Now that we are all here and on site, it would probably be helpful to mention all of our team members on this expedition as we are very fortunate to have partnered with Interactive Expeditions (www.intxinc.com) for this really one-of-a-kind experience, and we have some new faces to introduce. Their team is made up of John Rife (surface camera), John Nelson (production coordinator), Jon Jones (archival camera footage) (yes! it’s confusing around here), Alex Katsaros (mixing board/audio/video feeds), and Phil Peters (professor, University of Central Florida). And, we would like to also thank Adam Lenz, the technical guru back home who is integrating all of these broadcasts for us. Interactive Expeditions is based in Orlando, FL, and they are providing the “link” to make this interactive broadcast possible. Being able to broadcast our Human ROV to places off-site has been a dream of ours for several years, and little did we know that those who would make it possible for us to do such a thing were located right in our backyard! Back in 2006, we did a broadcast using microwave technology to a local high school here in Bermuda, but this partnership with IntX takes our remote, interactive, and mobile broadcasting ability to a whole new level!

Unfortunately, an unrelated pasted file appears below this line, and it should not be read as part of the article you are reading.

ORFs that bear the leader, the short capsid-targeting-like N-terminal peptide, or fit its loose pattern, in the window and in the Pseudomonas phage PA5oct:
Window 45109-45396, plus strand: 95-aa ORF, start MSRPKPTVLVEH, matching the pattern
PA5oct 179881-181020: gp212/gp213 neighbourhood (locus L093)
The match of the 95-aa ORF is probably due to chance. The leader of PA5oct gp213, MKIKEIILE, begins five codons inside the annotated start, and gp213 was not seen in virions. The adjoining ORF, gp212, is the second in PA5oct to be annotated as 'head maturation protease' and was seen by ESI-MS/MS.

For the next two weeks, we will be broadcasting from underwater in Fantasy Cave here in Bermuda to the Orlando Science Center, the Bermuda Underwater Exploration Institute, Moody Gardens/Galveston Aquarium, Texas A&M Sea Campus Kids Program, and to many home computers worldwide! Participants will be able to chat, and interact via live audio and video feed – truly, a unique educational experience!
Today was our first day of setting all of our gear up and testing it. The satellite dish was the first thing to be unpacked, and upon assembly, it began autolocating its position and searching for its satellite in space. Once that was established and bandwidth was available, we began experimenting with all kinds of equipment feeds that are coming in and going out of Fantasy Cave – and no, they don’t have wireless internet 122′ underground.
While the IntX crew was working on the technology, Carl Saieva of Sartek (www.sarind.com) was helping Terrence and Amy with audio and video work on the underwater system. All of these (surface cameras, underwater cameras, microphones, headsets, teacher’s tablet, etc.) have to be integrated in such a way that Terrence (our diver and Human ROV) can hear student’s asking questions and interact with the teacher on the surface (Amy) – who is fielding questions/dialogue from cave visitors, online participants, and students off-site. After a VERY long day in the cave, we called it quits at 5:00 and began heading out to prepare for the next day. IntX went back to Clear View to troubleshoot a few issues, Jenny/Terrence/and Gil headed off to another entrance to Walsingham System to install a sonde, and Carl/Amy went to Triangle Diving in Grotto Bay to rig Carl’s gear for the broadcast day. Carl and I enjoyed a leisurely evening snorkeling and visiting with the staff at Triangle Diving (www.trianglediving.com). At 11:30, we reunited to fill tanks and head for home to catch some zzzzzzzz…….